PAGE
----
Ed Hawkins dissects one of the tournament's top performers and can't understand why they're doing so well...
"Kings are the fourth most expensive in the death overs and in the middle overs they are joint worst (with Rajasthan Royals) for number of wickets taken in the middle part of an innings"
Kings XI Punjab could go top of the table with a victory over Mumbai Indians on Friday. Barring an extraordinary late collapse they have one foot, and several toes in the play-offs.
With players with such bombastic attitudes as Universe Boss Chris Gayle and Ravi Ashwin, once considered heir apparent to MS Dhoni as India's great talisman, there is no doubt that Kings XI are comfortable in their lofty position. To a revamped squad it matters not a jot that they have qualified only twice before.
The rest of us, however, may be feeling a little giddy at their ascent. That's not because of that record of abject failure in eight seasons out of ten. The truth is: no-one is quite sure how Kings are managing it.
What Kings seem to have done is taken the template for a successful T20 side, copied the world over from the Bangladesh Premier League to the T20 Blast - and ignored it. If they were to win a first IPL title they would surely go down as possibly one of the most one-dimensional winners of a domestic title anywhere.
What they do brilliantly is bat. In the two opening positions. KL Rahul and Chris Gayle are a terrifyingly destructive duo who have shown no mercy in laying waste to bowling attacks in the powerplay overs. Their strike rates are phenomenal. Rahul at 171 and Gayle at 162.
Unsurprisingly their run rate in the powerplay is the highest of all the eight franchises. And between them Rahul and Gayle have scored 49 per cent of their team's runs. When these two are motoring Kings look unstoppable. The problem is, surely, that Twnety20 matches are, potentially, 40 overs long not six.
Can't bowl, can't field
And outside of those six overs there are holes in the Kings make-up which, one would have thought, would have been exposed by now. They haven't because, by and large, the standard of bowling, and therefore nous, this year has been shockingly low. It's not even been a contest between brawn and brain because brain has forgotten its tactics book and gone back to the hotel to get it.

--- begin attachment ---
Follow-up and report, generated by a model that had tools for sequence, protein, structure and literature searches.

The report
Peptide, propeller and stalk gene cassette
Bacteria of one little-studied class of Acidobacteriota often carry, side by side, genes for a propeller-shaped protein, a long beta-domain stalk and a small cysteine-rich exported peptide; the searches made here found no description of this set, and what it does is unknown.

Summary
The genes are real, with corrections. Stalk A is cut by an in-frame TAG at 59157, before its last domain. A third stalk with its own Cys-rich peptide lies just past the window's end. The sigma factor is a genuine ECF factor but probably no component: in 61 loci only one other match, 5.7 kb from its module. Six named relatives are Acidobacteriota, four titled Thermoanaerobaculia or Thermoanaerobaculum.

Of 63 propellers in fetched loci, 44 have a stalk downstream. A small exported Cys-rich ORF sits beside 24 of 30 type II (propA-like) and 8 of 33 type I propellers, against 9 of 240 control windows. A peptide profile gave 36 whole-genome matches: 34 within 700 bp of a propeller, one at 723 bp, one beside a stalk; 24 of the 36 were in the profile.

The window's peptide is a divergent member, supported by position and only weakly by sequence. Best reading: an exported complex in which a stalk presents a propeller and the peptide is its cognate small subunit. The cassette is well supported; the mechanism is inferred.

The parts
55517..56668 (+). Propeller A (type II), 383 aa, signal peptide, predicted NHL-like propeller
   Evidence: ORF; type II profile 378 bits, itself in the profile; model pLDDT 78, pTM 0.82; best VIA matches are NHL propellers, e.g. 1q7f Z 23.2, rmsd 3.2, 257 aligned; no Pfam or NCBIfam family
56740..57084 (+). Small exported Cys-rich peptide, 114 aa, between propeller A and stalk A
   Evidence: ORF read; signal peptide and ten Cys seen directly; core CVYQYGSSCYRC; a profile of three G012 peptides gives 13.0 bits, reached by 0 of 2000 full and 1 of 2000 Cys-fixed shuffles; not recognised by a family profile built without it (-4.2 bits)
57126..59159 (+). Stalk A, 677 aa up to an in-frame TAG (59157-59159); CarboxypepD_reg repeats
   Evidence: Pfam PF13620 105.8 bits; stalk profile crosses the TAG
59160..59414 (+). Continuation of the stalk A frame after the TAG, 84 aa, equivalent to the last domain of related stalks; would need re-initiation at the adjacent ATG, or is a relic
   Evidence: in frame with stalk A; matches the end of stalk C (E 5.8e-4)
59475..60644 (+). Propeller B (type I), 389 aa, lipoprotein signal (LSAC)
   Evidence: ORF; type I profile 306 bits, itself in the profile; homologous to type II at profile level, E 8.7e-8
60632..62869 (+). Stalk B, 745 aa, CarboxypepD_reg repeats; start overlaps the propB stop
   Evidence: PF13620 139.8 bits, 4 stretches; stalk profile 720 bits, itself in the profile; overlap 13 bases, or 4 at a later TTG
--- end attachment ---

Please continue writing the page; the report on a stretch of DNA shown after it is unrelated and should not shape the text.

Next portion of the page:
When you start to unpick this Kings XI team you begin to scratch your head. How can their run possibly continue?
After Rahul and Gayle comes very little. It is doing a disservice to every other middle-order in the tournament to claim Kings have one. They don't. Aaron Finch has 24 runs in five innings and Yuvraj Singh 40 in four while David Miller and Marcus Stoinis are not in the least reliable.
Their run rate in the death overs (16-20) when batting is 8.43. Only Sunrisers Hyderabad are slower with an extraordinarily pathetic 7.76. So if Rahul and Gayle do not manage one of their blistering starts, Kings XI are in awful trouble.
It is true that we have seen that this year. That happened against Sunrisers when Kings failed to chase down 133. Rahul and Gayle were kept relatively quiet and so Kings had nowhere to go.
With the ball they are hardly convincing. This despite having players of repute in Ashwin, AJ Tye and the emerging Mujeeb ur Rahmann. They are the fourth most expensive in the death overs and in the middle overs they are joint worst (with Rajasthan Royals) for number of wickets taken in the middle part of an innings.
Perhaps worst of all is their fielding. By calculating runs saved and subtracting them from runs conceded, Kings are -26 for the series. This puts them bottom of the pile by some distance with Chennai Super Kings at -11. These are the only two teams in the red. Kings have also dropped the most catches. They are holding only 69 per cent of chances.
Given the litany of problems with Kings two things should strike you. Firstly, the utterly bonkers decision to consistently rest Gayle. He has played in only four of their matches. Secondly, that this is a manifesto to consistently take on Kings, pretty much regardless of who they are playing.
Against Mumbai they are outsiders, suggesting that the market has sussed them. Ordinarily for a side which was eyeing top spot we would argue they were an outstanding bet at [2.08] to beat a team bottom of the table. But we can't do that.
Likewise the [5.6] for outright glory cannot be vouched for. Sure, favourites Chennai have their issues in the field and second-favourites Sunrisers bat as if it's a 50-over game but Kings shouldn't really be able to compete with either.
Ed Hawkins P-L
Based only on available prices. Does not include back-to-lay in-running match advice or commission rate. Figures 2013-2016 on 1pt level stakes. New points system (0.5pt-5) introduced for 2017. Includes Hawk-Eye stats column p-l